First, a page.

The Schedule Management Plan addresses the following:

• Indicates how the project schedule will be created (who will be the sources of start/end dates and effort), when it will be base lined and lists any scheduling constraints

• Describes the implementation approach (phased, iterative, pilot, etc)

• Defines what level of the schedule will be subject to change management (typically these are the high level milestones and major phase start/end; all other changes can be informally negotiated)

• Defines how schedule performance is monitored and reported (e.g., variance analysis)

• Defines the project schedule software to be used

• Includes a plan for change management: How a schedule change is requested, authorized, and documented

• Reference the Project Charter for the priority of Schedule in the triple constraints

 Schedule Management is a critical part of project management and communication. In future posts I will show how to construct the schedule and monitor performance.

The Project Management Plan – Scope Management

Planning

The Project Management Plan defines how the project is executed, monitored, controlled and closed. The first component of the Project Management Plan is the Scope Management Plan.

The Scope Management Plan addresses the following:

• Defines how the Scope of Work will be created. This includes a roles/responsibilities matrix (who will create the scope, who will contribute to the scope, who will approve the scope)

• Defines what the Scope of Work will contain (Scope exclusions, process and physical scope, organizational scope, application scope, deliverables, Work Breakdown Structure aka WBS)

• Defines what constitutes the baseline Scope for change management purposes. This is not the actual Scope it is the sources of Scope (e.g. “The deliverables as listed in section x of document z and the approved WBS”)

• Includes a plan for change management: How change is requested, authorized, and documented

• Describes the process for getting approval for completed deliverables

• Reference the Project Charter for the priority of Scope in the triple constraints

The Project Management Plan – Overview

Planning

There are two main types of high level planning for a project: (1) The Project Management Plan; (2) The Project Activity Plan (aka The Project Plan). The Project Management Plan describes the approach and processes for managing the project. The Project Activity Plan describes the work to be done to achieve the project objectives. This post addresses the Project Management Plan.

The Project Management Plan defines how the project is executed, monitored, controlled and closed. It addresses the management of scope, schedule, cost, quality, staffing, communications, risk, and procurement. Whenever matters of project procedure are in question, this document shall be the first source consulted.

This is a dynamic document and reflects the current thinking regarding the project approach based on what is known at this time. It is expected to be updated with new information as the project unfolds. Original and revised versions should be distributed to the entire project team.

The components of the Project Management Plan are:

  • Scope Management
  • Schedule Management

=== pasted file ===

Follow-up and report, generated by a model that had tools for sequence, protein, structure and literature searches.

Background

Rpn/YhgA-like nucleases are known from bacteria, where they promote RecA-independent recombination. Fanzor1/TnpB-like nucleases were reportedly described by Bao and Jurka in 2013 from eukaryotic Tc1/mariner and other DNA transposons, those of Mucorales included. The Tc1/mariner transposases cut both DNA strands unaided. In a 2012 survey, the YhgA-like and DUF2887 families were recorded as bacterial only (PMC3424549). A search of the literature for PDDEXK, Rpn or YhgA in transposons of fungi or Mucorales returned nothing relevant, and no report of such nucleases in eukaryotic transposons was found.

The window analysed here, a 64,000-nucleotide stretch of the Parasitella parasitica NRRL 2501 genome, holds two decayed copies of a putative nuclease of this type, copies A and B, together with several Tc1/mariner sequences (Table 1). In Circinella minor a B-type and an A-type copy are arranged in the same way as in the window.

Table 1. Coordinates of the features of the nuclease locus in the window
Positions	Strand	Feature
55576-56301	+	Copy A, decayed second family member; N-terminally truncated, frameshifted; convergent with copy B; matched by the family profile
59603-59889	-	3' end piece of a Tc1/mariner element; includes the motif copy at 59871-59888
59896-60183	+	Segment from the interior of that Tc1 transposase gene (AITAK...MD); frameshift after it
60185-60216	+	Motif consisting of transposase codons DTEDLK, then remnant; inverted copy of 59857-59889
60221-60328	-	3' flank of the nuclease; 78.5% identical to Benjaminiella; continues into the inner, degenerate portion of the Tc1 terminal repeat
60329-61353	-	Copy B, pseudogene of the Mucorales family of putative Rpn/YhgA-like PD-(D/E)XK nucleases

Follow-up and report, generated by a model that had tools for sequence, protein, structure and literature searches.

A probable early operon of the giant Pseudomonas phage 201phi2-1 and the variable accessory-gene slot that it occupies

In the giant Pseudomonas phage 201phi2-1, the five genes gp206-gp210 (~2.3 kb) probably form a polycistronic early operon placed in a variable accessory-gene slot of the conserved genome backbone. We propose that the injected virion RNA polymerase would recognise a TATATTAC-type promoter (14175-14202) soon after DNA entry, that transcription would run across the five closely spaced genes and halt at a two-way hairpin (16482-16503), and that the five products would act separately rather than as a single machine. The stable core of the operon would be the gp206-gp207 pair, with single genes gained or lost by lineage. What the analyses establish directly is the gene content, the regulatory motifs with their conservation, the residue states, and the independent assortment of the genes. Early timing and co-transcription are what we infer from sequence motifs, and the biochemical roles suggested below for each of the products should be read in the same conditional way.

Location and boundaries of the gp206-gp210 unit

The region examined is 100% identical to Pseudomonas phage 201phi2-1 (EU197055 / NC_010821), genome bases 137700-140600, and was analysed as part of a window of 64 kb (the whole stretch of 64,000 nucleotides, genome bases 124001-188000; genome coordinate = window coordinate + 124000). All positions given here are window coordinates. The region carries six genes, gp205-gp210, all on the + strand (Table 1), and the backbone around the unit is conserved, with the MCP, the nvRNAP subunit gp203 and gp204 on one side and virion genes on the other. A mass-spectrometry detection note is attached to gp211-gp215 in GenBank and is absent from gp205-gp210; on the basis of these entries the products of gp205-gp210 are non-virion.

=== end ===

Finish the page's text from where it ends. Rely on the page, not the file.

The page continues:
• Budget Management
  • Staff Management
  • Communications Management
  • Risk Management
  • Procurement Management
  • Project Close Definition
  • Post-Project Audit Plan

In subsequent posts I will elaborate on each of these sections.

For large projects I highly recommend creating a Project Management Plan and sharing it with your sponsor and key stakeholders. This plan describes the “rules of engagement” for the project and will minimize assumptions and misunderstandings regarding project process. I have also found this to be very helpful if you are new to an organization. It is a way to document your understanding of the project management practices of that organization.

In my experience I have rarely seen other PM’s create a formal Project Management Plan. I believe this is a mistake. There is a good reason the Project Management Institute (PMI) includes these plans in their best practices. Once I obtained my Project Management Professional (PMP) certification, I included a formal Project Management Plan on all of my large projects.

The Project Charter – Sign Off

 

Initiation

The Project Charter can be looked at as a contract between you and your project sponsor or you and your manager. It documents your understanding of the expectations of the sponsor and what you are expected to deliver and when. Like any contract, it should be concluded with a signature indicating agreement.

Why get a real signature? It is amazing how people will pay close attention to what is in a document when they have to sign their name to it! I have seen cases on my own projects as well as those I consulted on where misunderstandings are cleared up prior to charter sign off. This has and will save many hours of effort avoiding taking a project down the wrong path. For these reasons I highly recommend getting a real signature and posting a PDF image of the Project Charter in the project repository.

Once you have a signed-off charter, you now have one of the deliverables subject to formal Change Management. Any request that would change any component of the charter should have a formal change benefit/impact statement signed off and the Project Charter should be changed to a new version and signed off again.

In my next post we will move to the Planning Phase and begin a multi-part discussion on the Project Management Plan.